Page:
Last week we talked about taxes as it related to child support and spousal support. This week, we will focus on taxes and property division. Property division is among the most important aspects of any divorce. It is not uncommon for many divorcing Ohio couples to enter into a property division agreement without thinking of the long-term ramifications that the division may have on their tax status. However, by failing to take tax implications into account, they may be exposing themselves to future financial issues.
An individual’s tax status is based on whether he or she is married or divorced on December 31. Therefore, if a couple is married on New Year’s Eve, they will be considered married for the entire previous year. Meanwhile, if a couple divorces at the end of the year, they will be considered divorced for that whole year.
Divorcing couples should also consider seeking advice with regards to the tax issues that surround their marital home. Capital gains taxes may play a role on the sale value of a home, depending on whether certain threshold issues are met. In order to reduce the issues surrounding capital gains taxes, there are a number of factors that may come into play. In order to be fully informed of these issues, it may be prudent to seek outside assistance prior to the finalization of the divorce.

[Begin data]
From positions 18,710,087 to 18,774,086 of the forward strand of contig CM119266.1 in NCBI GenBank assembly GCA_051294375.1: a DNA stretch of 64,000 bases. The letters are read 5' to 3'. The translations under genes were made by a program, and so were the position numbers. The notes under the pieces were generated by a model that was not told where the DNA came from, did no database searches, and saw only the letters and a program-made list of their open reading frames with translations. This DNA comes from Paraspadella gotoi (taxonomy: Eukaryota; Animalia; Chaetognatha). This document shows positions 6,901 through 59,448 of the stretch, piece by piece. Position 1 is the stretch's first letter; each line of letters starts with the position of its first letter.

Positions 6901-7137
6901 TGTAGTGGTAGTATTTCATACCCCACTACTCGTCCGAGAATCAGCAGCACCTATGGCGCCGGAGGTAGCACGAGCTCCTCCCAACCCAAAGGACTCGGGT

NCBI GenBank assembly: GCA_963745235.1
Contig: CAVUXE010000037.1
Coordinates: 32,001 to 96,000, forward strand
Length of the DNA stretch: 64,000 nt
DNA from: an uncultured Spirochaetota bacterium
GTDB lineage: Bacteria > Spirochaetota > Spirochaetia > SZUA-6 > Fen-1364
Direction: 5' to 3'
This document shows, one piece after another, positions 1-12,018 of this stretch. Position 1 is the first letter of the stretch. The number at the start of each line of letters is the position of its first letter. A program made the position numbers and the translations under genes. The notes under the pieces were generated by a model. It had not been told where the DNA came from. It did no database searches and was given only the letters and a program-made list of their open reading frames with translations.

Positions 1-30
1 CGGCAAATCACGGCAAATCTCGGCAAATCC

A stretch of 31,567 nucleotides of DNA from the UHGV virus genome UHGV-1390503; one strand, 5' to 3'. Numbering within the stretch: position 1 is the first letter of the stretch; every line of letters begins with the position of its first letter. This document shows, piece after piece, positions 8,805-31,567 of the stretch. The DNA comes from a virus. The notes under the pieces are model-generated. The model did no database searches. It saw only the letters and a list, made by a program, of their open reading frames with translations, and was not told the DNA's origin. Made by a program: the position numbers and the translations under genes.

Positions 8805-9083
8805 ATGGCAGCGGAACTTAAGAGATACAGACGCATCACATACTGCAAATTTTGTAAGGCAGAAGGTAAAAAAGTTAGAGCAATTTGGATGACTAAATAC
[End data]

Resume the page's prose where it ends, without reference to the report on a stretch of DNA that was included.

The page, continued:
There is no way that an Ohio couple can avoid all of the tax implications that they will face due to their property division settlement. However, if they are able to seek the right advice and chart the proper course, their exposure may be significantly limited. This process will enable both parties to move forward with enough money to jumpstart their new life while also ensuring that any tax obligations have been properly met.
Source: Bluffton Today, “TAXING ISSUES: Division of assets, divorce have tax implications,” Edward J. Loughrey, Aug. 1, 2012